Choosing A Kayak Paddle

If you're new to kayaking or would just like to learn more about some of the different types of kayak paddles, this is a great place to start. After doing some research try to test a few different paddles to see how they feel.

choosing a kayak paddle

Every journey starts with a single step and your search for the right paddle is no different. Instead of a literal step, this journey's first step is a question you'll need to have an answer for: What type of paddling adventure will you most frequently be embarking on?

Recreational kayak paddles are a class of paddles that are ideal for short trips, fishing, exercise and shore exploration. They're normally constructed with a combination of aluminum and fiberglass or plastic.

If you'll mainly be paddling on lakes and slow-moving rivers, or are planning on some longer trips, a touring kayak paddle would be a good choice.

Performance kayak paddles are normally the high-end versions of the touring or recreational type paddles and are usually constructed with the most advanced materials on the market: fiberglass and carbon for ultimate performance.

Now that you have a general idea of the different classes of paddles, next we’ll take a look at the main factors that go into a paddle’s design.

Blade & Shaft Design

The wider a paddle’s blade, the more bite it will provide in the water, which translates to more power with each stroke. This additional power will help you maneuver the kayak more quickly left and right and also provide faster forward acceleration. Therefore, if you are going to be in technical water where kayak control is paramount or if you have a wider kayak that requires more “oomph” to get around, a paddle with a wider blade design would be a great choice.

On the flip side, if you are planning on longer trips with extended paddling time on fairly flat waters and/or will be paddling a kayak that is narrower than, say 25” wide, a paddle with a thinner blade would be the way to go. With the thinner, longer blade you'll experience less resistance with each stroke, allowing you to go further with less fatigue.

When it comes to the shaft, there's quite a bit that goes into the design, but it all boils down to a couple of choices.

First, choosing a bent vs straight shaft. Straight shafts are most common as they can be used for all types of paddling. Bent shafts are created mainly to provide a more natural wrist positioning, which is great for paddlers with arthritis, carpal tunnel or any other wrist issues. The negatives are: you can't move your hand positioning, and you're going to pay significantly more (compared to a straight-shafted paddle). Loosening your grip on the shaft—clamping down with only your pointer-finger and thumb—can provide the same benefits of a crank-shafted paddle.

While doing your research, you may see that a paddle’s blades can be symmetrical or asymmetrical. A symmetrical blade shape is able to be paddled with either hand, since both sides of the blade are the same. An asymmetrical blade provides for a smoother transition through the water but must be held and paddled a certain way.

Another common term you’ll come across is feathering. The feather of a paddle refers to the angle that each blade is offset from each other. The main reasons for feathering are: to reduce wind resistance on the paddle blade, and increase your paddling efficiency when dealing with a variety of water and wind conditions. 15-degree increments are common. Some paddles offer unlimited feathering angles, like our paddles that offer the Posi-Lok ferrule option.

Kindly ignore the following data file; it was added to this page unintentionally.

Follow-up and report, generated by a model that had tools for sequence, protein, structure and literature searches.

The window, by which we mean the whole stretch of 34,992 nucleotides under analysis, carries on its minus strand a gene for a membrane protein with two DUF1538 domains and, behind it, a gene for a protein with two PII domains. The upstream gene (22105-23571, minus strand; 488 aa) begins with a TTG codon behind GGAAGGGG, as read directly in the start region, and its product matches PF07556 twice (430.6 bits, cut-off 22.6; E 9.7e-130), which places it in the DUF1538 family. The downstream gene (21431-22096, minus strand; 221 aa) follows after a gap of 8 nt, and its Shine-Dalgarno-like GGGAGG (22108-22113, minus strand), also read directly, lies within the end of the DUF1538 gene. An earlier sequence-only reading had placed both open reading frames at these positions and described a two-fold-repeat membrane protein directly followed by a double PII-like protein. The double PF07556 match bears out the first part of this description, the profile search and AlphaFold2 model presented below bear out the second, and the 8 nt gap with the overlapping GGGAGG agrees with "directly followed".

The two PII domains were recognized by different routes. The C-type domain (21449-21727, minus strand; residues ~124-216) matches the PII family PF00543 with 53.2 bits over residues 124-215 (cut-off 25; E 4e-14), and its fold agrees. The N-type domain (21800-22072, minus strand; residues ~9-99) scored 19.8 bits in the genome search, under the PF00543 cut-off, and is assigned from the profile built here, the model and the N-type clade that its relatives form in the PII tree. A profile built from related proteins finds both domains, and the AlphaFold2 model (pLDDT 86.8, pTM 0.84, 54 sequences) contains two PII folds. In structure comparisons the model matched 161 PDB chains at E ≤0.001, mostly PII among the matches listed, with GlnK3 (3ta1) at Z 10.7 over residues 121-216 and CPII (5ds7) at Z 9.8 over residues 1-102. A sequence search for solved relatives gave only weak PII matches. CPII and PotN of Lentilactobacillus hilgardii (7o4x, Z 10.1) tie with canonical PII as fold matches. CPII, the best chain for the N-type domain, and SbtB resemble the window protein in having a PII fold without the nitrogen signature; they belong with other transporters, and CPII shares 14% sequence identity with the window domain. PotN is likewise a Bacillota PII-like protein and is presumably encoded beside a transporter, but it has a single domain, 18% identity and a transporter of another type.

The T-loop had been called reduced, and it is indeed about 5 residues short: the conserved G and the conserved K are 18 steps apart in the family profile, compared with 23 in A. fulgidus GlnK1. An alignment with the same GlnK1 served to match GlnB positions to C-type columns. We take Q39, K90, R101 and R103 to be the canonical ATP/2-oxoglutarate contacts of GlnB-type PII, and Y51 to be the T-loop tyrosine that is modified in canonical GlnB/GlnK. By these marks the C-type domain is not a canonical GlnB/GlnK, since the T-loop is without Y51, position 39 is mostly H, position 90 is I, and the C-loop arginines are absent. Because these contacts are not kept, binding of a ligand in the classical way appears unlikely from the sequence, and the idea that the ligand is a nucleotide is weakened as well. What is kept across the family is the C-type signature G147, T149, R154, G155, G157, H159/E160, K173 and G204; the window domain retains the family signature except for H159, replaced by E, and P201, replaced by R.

Blade & Shaft Material

There are several types of materials that can be used to construct a kayak paddle. From plastic and aluminum to fiberglass and carbon. A paddle’s durability, performance, weight and price are all impacted by the material used.

Plastic and aluminum paddles are generally the least expensive, heaviest and most likely to need replacing. Fiberglass and carbon will provide a lighter, more durable paddle with optimum performance, but will also come at a higher price.

Paddle Length

The final item we’ll go over here is your paddle length. No matter how much time you’ve put into researching design and material, if you end up with a paddle that's too long or too short for you, you’ll truly be missing the boat (pardon the pun!) and your paddling experience can be greatly hindered.

To find the right paddle length for you, check out the sizing section in our kayak paddle sizing guide.

The two most important factors to consider are:

1. Knowing the dimension of your kayak, particularly its width. You need to make sure you have a paddle that will comfortably reach the water without banging on the sides of the boat or being too far out from the sides.

2. Paddler torso size and level of fitness. Two people that are 6-feet tall may not use the same length paddle. If it was a SUP paddle, it would be the same—but since you sit when paddling a kayak, the most important distance is the length of your torso. Likewise, a 6-foot person who's very active and physically fit may be more ready to handle a more aggressive paddle than someone just starting out or not very physically fit.

(You can find detailed charts on our Kayak Paddle Sizing Guide—linked above)

Kayak paddling at any level can be an extraordinary experience. To increase the probability of your enjoyment, take time to do the research needed to ensure you select a paddle that truly fits you and will best accommodate your paddling environment and style.

Happy Paddling!